NATIONAL IMPORTANCE: THE DECISION TO REFUSE AN EXPORT LICENCE: Heffel Gallery Ltd v. Attorney General of Canada.

Author:Mason, Katharine
 
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THE APPLICATION FOR THE EXPORT LICENCE

In November 2016 the fine-art auction house Heffel Gallery Limited ('Heffel') held a public auction of Iris bleus, jardin du Petit Gennevilhers, 1892, by Gustave Caillebotte ('the Painting'). A commercial gallery based in London, England, purchased the Painting for $678,500 CAD. As the Painting fell within Group V of the Canadian Cultural Property Export Control List, CRC, c 448 ('the Control List') Heffel was required to apply to the Canadian Cultural Property Export Review Board ('the Board') for an export permit under section 40 of the Cultural Property Export and Import Act ('the Act'). (2) Under section 11 of the Act the criteria by which to assess whether an object in the Control List was the subject of an application for an export permit were:

  1. Whether that object was of outstanding significance by reason of its close association with Canadian history or national life, its aesthetic qualities, or its value in the study of the arts or sciences; (3) and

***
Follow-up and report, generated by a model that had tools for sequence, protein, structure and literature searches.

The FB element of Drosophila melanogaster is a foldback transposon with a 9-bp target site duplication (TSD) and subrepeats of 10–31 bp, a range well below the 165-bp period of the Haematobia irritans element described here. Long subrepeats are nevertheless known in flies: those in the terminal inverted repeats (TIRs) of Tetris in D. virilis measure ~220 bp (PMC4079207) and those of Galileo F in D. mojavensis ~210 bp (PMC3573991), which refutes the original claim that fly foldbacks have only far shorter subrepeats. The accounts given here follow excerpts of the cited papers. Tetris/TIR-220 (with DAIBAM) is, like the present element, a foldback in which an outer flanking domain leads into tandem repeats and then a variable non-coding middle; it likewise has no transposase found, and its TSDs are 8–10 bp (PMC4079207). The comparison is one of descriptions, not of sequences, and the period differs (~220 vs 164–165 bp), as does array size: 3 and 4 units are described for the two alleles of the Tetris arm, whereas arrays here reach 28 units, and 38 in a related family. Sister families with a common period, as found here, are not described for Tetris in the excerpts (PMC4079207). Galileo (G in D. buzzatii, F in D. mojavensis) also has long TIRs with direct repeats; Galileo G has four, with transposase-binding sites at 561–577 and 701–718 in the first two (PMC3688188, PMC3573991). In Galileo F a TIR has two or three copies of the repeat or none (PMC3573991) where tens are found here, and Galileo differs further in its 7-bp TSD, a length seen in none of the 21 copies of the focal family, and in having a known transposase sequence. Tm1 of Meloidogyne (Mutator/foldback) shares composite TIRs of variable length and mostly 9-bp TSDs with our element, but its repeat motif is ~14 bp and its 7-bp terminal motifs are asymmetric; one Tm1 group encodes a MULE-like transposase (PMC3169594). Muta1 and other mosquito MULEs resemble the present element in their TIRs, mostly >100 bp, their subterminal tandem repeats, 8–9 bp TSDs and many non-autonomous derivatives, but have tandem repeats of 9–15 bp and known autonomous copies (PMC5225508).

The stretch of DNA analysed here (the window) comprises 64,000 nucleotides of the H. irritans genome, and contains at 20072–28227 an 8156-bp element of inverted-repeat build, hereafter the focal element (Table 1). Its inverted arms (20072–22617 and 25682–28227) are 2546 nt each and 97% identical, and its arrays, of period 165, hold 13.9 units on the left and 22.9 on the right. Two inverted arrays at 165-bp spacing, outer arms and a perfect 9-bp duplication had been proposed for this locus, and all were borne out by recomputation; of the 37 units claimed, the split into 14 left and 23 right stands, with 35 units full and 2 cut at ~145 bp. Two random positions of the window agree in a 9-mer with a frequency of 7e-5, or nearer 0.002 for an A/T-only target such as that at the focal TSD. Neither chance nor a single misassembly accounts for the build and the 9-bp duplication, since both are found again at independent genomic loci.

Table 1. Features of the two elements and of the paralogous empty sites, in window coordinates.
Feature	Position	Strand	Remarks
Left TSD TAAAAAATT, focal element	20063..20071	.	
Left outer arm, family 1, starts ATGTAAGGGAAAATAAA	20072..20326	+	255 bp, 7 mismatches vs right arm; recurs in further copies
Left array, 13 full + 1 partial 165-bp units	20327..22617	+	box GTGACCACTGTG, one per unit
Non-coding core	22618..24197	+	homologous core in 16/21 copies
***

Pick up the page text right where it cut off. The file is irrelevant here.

2. Whether the object was of such a degree of national importance that its loss to Canada would significantly diminish the national heritage. (4)

The Board, on the expert advice of the Chief Curator of the Art Gallery of Greater Victoria ('the Expert Examiner'), determined that the Painting was of outstanding significance and national importance and denied the grant of an export permit for the Painting.

REVIEW OF THE BOARD'S DECISION

Heffel then requested the Board to review its application for an export permit. An oral hearing was scheduled before a three-member panel. One member of the panel was Ms Lochnan who had been employed with the Art Gallery of Ontario ('AGO'). Both Heffel and the Expert Examiner made written submissions and then were provided with each other's submissions in order to provide a rebuttal. Heffel requested the opportunity to cross-examine the Expert Examiner at the oral hearing, but the Board denied this request.

Following the hearing, the Board upheld its decision that the Painting was of outstanding significance and national importance under section 29 and section 11 of the Act. For its decision the Board relied on the Department of Canadian Heritage Guide to Exporting Cultural Property from Canada, June 2015, which stated that for the purposes of the Act national heritage included cultural property that originated in Canada as well as international cultural property that reflected Canada's cultural diversity or that enriched Canadians' understanding of different cultures, civilisations, time periods and their own place in history and the world. The Board acknowledged the opinion contained in reports by Heffel's experts that the Painting had no connection to Canadian Impressionism, had no influence on the Canadian public or artistic practices of Canadian artists and had no connection to Canadian artists engaged in Impressionism. However, the Board held that an object could be considered to be of 'national importance' even if the object or its creator had no connection to Canada, if the loss of that object to Canada would deny a segment of...

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